FRANKFURT AM MAIN, Germany, June 14, 2016 /PRNewswire/ --
Referendum in Great Britain / Impacts on the chemical-pharmaceutical industry
- Leaving the EU would be a fatal signal for the economic development in Europe
- Consequence: a drop in chemical exports and direct investments
- Current trade volume in chemical goods with Great Britain: 18.5 billion euros
- Investments of well over 2 billion euros by British investors in the German chemical industry
If the majority of British voters decide, in the referendum on 23 June, that their country should leave the European Union, it would have noticeable negative effects on Germany’s third largest industry, according to the German chemical industry association Verband der Chemischen Industrie (VCI).
In case of a Brexit, the VCI anticipates in the mid-term a weakening of the chemical-pharmaceutical industry's exports to Great Britain and a drop in direct investments on both sides of the Channel. VCI President Marijn Dekkers states: "We hope that a clear majority of British voters will want to remain in the EU. Especially now, at a time when the economy in Europe is undergoing a timid recovery, a withdrawal from the European Union would be a bad signal for the further economic development."
Great Britain is an important trading partner and one of the biggest markets in the EU for the German chemical-pharmaceutical industry. Last year, the industry sold goods worth 12.9 billion euros to Britain (7.3 percent of all exports). Specialty chemicals and pharmaceuticals accounted for the largest share. During the same period, German chemical companies imported goods to the value of 5.6 billion euros from the island (see chart). These mainly included pharmaceutical inputs and petrochemicals.
Great Britain is also immensely important as a production and distribution location. At present, 63 subsidiaries of German chemical companies are active in Britain. Overall, they employ around 6,000 staff and realise sales of 4.1 billion euros. The stock of direct investments on the island totals roughly 1.6 billion euros. British investors have invested well over 2 billion euros in the German chemical industry (see chart).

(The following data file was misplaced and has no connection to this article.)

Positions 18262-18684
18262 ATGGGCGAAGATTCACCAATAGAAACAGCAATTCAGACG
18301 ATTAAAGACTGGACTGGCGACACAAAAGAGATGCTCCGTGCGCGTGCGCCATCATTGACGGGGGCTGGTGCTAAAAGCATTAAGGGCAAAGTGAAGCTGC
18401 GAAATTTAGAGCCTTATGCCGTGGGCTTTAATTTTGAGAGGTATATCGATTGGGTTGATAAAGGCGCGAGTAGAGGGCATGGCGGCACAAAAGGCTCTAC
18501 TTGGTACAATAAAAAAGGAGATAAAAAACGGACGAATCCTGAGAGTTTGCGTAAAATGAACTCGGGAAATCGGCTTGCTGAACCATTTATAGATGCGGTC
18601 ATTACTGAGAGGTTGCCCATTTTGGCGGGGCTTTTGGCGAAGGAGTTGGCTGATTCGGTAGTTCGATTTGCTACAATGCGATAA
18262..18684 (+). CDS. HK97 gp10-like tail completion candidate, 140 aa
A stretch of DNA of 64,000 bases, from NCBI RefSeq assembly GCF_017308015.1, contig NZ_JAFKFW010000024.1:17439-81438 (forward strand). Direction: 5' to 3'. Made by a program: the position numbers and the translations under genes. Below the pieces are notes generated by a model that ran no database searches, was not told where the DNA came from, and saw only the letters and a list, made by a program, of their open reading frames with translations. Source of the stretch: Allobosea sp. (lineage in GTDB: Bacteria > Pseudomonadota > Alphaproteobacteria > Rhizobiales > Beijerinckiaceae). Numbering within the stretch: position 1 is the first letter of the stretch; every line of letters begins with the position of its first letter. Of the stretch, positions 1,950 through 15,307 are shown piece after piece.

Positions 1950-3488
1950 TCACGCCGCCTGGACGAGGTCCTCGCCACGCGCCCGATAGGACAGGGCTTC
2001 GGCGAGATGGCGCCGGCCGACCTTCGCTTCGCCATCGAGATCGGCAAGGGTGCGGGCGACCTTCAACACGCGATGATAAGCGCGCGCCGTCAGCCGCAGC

From the VCI's perspective, the most serious negative economic effects of a Brexit would have to be borne by the British themselves. But a withdrawal from the European Union would bring losses in gross domestic product and falling exports also for the remaining EU Member States - and especially for German companies. Cross-border investments would be impaired too, so the VCI. The likely devaluation of the British pound and the uncertainty that comes with exit negotiations would give reason to German investors to reconsider their commitment to the location Great Britain and to possibly withdrawal capital. The distortions of financial markets triggered by a Brexit would be difficult to quantify.
Note: Files and data from two charts are available at http://www.vci.de/infografiken (in German language)
- Great Britain is an important trading partner and one of the biggest markets in the EU for the German chemical-pharmaceutical industry. Precisely 7.3 percent of exports of chemical products go there.
- British investors have invested well over 2 billion euros in German chemistry. Direct investments on the island by German companies amount to 1.6 billion euros. In the event of a Brexit, a reduction in the stock of FDIs is likely on both sides of the Channel.
The VCI represents the politico-economic interests of over 1,650 German chemical companies and German subsidiaries of foreign businesses. For this purpose, the VCI
is in contact with politicians, public authorities, other industries, science and media.
The VCI stands for over 90 percent of the chemical industry in Germany. In 2015 the German chemical industry realised sales of around 189 billion euros and employed
over 446,000 staff.
Please note: VCI news about the chemical industry is also available via Twitter (http://twitter.com/chemieverband)
Contact: VCI Press Dept. Phone: +49-69-2556-1496 E-Mail: firstname.lastname@example.org
SOURCE The German chemical industry association (VCI)